United States District Court, W.D. Pennsylvania
N. Bloch United States District Judge
NOW, this 30th day of March, 2017, upon consideration of
Defendant's Motion for Summary Judgment (Doc. No. 10)
filed in the above-captioned matter on June 2, 2016, IT IS
HEREBY ORDERED that said Motion is DENIED.
further, upon consideration of Plaintiff's Motion for
Summary Judgment (Doc. No. 8) filed in the above-captioned
matter on April 19, 2016, IT IS HEREBY ORDERED that said
Motion is GRANTED IN PART and DENIED IN PART. Specifically,
Plaintiff's Motion is granted to the extent that it seeks
a remand to the Commissioner of Social Security
(“Commissioner”) for further evaluation as set
forth below, and denied in all other respects. Accordingly,
this matter is hereby remanded to the Commissioner for
further evaluation under sentence four of 42 U.S.C. §
405(g) in light of this Order.
January 18, 2013, Plaintiff Jodie Lynn Davis protectively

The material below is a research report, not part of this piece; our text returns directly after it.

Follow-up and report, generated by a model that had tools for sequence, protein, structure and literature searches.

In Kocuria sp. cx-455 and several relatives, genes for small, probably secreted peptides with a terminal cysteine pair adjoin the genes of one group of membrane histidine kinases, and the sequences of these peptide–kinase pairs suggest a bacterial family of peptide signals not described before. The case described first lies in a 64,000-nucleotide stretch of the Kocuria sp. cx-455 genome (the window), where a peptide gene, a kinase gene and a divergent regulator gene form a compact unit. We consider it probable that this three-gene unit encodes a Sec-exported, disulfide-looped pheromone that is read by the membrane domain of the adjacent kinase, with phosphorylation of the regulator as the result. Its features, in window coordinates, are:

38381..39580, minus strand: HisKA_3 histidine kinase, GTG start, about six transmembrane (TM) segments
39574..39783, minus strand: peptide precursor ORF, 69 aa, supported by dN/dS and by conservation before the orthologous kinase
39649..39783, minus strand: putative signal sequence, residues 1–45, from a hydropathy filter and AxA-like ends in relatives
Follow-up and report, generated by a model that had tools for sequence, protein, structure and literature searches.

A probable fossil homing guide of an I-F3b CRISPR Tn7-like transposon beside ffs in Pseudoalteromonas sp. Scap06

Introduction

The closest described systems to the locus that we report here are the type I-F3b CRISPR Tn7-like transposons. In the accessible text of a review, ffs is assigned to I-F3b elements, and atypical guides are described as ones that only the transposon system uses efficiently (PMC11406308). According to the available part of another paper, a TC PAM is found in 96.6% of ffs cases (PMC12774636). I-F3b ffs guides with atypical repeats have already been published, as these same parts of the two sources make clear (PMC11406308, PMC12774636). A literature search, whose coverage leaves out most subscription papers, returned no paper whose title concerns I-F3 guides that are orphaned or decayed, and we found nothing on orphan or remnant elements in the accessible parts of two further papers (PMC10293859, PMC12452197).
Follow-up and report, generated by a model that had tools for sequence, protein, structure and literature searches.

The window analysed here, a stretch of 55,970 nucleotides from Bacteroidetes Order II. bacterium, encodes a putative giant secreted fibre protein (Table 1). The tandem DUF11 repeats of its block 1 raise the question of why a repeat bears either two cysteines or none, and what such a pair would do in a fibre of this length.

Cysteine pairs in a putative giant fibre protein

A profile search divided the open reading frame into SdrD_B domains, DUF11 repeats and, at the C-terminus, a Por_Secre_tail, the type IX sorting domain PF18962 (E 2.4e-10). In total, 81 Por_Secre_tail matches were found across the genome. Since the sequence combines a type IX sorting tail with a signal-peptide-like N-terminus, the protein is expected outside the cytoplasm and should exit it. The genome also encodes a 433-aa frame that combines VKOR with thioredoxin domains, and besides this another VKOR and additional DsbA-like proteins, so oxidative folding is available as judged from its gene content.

filed a claim for Supplemental Security Income under Title
XVI of the Social Security Act, 42 U.S.C. §§
1381-1383f. (R. 156-59; 160-68). Specifically, Plaintiff
claimed that she became disabled on May 13, 2010, due to
depression, anxiety, a cognitive disorder, and asthma. (R.
160; 181). After being denied benefits initially, Plaintiff
sought, and obtained, a hearing before an Administrative Law
Judge (“ALJ”), which was held on August 4, 2014.
(R. 32-79). In a decision dated September 19, 2014, the ALJ
denied Plaintiff's request for benefits. (R. 11-27). On
December 24, 2015, the Appeals Council denied review, making
the ALJ's decision the final decision of the
Commissioner. (R. 1-3). Plaintiff filed a timely appeal with
this Court, and the parties have filed cross-motions for
Standard of Review
review of a social security case is based upon the pleadings
and the transcript of the record. See 42 U.S.C.
§ 405(g). The scope of review is limited to determining
whether the Commissioner applied the correct legal standards